Holiday theater season isn't over yet! Many of this year's best and most imaginative/strange holiday shows have already closed (farewell, Rudolph, and SANTA, Liminal's tale of Christmas and DEATH). You'll have to wait until next year for delightful stop-motion animation acted out by actual people—and maybe until never for Liminal's next holiday play, if their about-yearly production schedule is any indication. But cheer up! Here are some shows you still have time to see:

The Second City's Twist Your Dickens! at Portland Center Stage: Twist Your Dickens' mean-spirited holiday spirit is completely infectious right up until it isn't. From our review: "Roasted throughout: people who have MFAs (fair game), children with rickets (maybe not so much), overzealous audience members hoping for a Dickensian production free from anachronisms (sure), George Bailey (well deserved), the prevalence of orphaned children in literature and pop culture (seriously WHY), and the strange fact that one of the most celebrated Christmas tales of all time is basically about a huge douchebag who's mean to everyone. There are a handful of clunky missteps—attempts at edgy humor that just come off as callow and odd... Still, if your out-of-town relatives demand some iteration of A Christmas Carol—and you're too (understandably) upset by the uncanny valley residents who make up The Muppets Christmas Carol to go that route—there's a lot about Twist Your Dickens that that will make you forget you're watching one. And that's a thing to celebrate." Tues-Sun, 7:30 pm, through Dec. 24, Gerding Theater at the Armory, 128 NW 11th, $36-69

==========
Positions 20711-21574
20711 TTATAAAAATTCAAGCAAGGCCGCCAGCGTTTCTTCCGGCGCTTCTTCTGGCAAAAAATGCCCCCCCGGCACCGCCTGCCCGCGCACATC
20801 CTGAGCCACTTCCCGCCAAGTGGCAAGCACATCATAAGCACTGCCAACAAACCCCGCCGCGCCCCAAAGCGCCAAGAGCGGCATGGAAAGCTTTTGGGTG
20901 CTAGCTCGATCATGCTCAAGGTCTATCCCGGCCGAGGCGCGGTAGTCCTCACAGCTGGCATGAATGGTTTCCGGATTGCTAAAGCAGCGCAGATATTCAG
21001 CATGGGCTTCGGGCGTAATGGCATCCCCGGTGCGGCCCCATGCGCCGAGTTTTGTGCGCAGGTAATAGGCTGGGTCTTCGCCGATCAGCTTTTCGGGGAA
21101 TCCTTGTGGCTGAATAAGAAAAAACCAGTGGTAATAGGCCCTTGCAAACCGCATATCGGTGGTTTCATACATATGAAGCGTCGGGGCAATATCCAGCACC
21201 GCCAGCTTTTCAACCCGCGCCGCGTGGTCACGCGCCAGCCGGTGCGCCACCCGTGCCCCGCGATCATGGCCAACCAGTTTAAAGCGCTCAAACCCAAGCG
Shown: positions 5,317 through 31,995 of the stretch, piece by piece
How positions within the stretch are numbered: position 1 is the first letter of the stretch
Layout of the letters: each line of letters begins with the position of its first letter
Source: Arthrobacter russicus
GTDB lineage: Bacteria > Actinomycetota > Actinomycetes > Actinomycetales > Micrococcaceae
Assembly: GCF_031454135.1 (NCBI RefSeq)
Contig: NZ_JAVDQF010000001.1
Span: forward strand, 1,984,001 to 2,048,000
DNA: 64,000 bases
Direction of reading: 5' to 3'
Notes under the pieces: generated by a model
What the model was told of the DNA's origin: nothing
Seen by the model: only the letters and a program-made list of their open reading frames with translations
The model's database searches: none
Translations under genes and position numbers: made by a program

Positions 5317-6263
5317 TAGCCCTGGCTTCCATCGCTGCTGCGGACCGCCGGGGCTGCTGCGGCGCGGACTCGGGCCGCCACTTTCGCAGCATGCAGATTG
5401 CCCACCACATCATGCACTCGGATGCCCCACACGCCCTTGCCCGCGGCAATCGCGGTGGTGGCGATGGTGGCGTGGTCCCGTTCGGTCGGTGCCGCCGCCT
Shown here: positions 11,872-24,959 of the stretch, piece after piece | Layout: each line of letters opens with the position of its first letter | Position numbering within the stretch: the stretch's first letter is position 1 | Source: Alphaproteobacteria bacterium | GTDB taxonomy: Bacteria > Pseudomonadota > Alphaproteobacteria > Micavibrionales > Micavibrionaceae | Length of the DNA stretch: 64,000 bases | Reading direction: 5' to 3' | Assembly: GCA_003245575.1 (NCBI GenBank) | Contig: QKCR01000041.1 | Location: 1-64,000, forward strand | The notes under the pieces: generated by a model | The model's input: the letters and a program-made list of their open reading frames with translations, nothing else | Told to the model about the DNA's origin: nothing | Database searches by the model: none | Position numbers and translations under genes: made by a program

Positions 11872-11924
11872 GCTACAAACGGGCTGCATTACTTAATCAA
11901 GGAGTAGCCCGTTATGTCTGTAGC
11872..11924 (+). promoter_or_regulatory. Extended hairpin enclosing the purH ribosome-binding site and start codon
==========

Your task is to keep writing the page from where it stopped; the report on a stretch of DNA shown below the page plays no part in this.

The Nutcracker at Oregon Ballet Theater: Okay, so OBT does the Balanchine production of the Nutcracker, which is the one every ballet company ever does (including tutu enthusiasts to the North the Pacific Northwest Ballet, now that they've retired one of the most innovative non-Balanchine productions after 31 years, making San Francisco Ballet the only major ballet company on the West Coast to produce a nontraditional version of the cloyingly kid-friendly ballet. NOT THAT I'M BITTER OR ANYTHING). Still, it is a Christmas tradition, and it is amazing to watch ballet dancers perform impossible feats of strength, even if you do come home with new cavities from Balanchine's saccharine tale of sentient candy. Tue Dec 23 through Sat Dec 27, Keller Auditorium, 222 SW Clay, $27

Golden Girls: Live! Christmas Special Oh, Golden Girls: Live! The conceit is obvious enough: It's two episodes of Blanche, Rose, Sophian, and Dorothy's misadventures, but the Golden Girls are all played by men in drag, to differing degrees of success. (The good: Honey Bea Hart as Blanche is a treasure.) I have a fondness for strange, scrappy adaptations of loved/hated pop culture (see also: Showgirls the Musical), and if you do too, then you'll probably enjoy this Christmas special. Golden Girls faithful will probably love it too. If either of those don't sound like you, though, stay away. Fri and Sat, 7 pm, through Dec. 27, Funhouse Lounge, 2432 SE 11th, $20

The Maid's Tragedy at Northwest Classical: Technically, this is not a Christmas play. It's a Jacobean tragedy where almost everyone dies at the end. HOWEVER, there is a Christmas tree in it, plus Christmas carols, so if all this good cheer is killing you, here's your alternative holiday show. Thurs-Sat, 7:30 pm and Sun 2 pm, through Jan 4, Shoe Box Theatre, 2110 SE 10th, $20-22

Blithe Spirit at Artists Rep: Artists Rep's impulse to go secular with a ghost story for the holidays was right-on. But did it pay off? From our review: "Blithe Spirit has some fun moments, and Artists Rep's production is well appointed, with a beautifully crafted domestic interior for a set, and some tricky (but thoroughly convincing) lighting and sound effects throughout... The actors, too, pull off Coward's quick-witted dialogue, almost comically clipped accents ("veddy artsy-crafty" is used as an insult at one point), and repressed emotional states... But here's the rub: Blithe Spirit was first produced in 1941—and it shows. There are things about it that haven't aged particularly well. For one, it's hard to feel much sympathy for rich people who spend all their time writing hacky novels and relaxing in jodhpurs, elegant though those jodhpurs may be." Wed-Sat, 7:30 pm and Sundays, 2 pm, through Jan. 4, Artists Repertory Theatre, 1515 SW Morrison, $25-35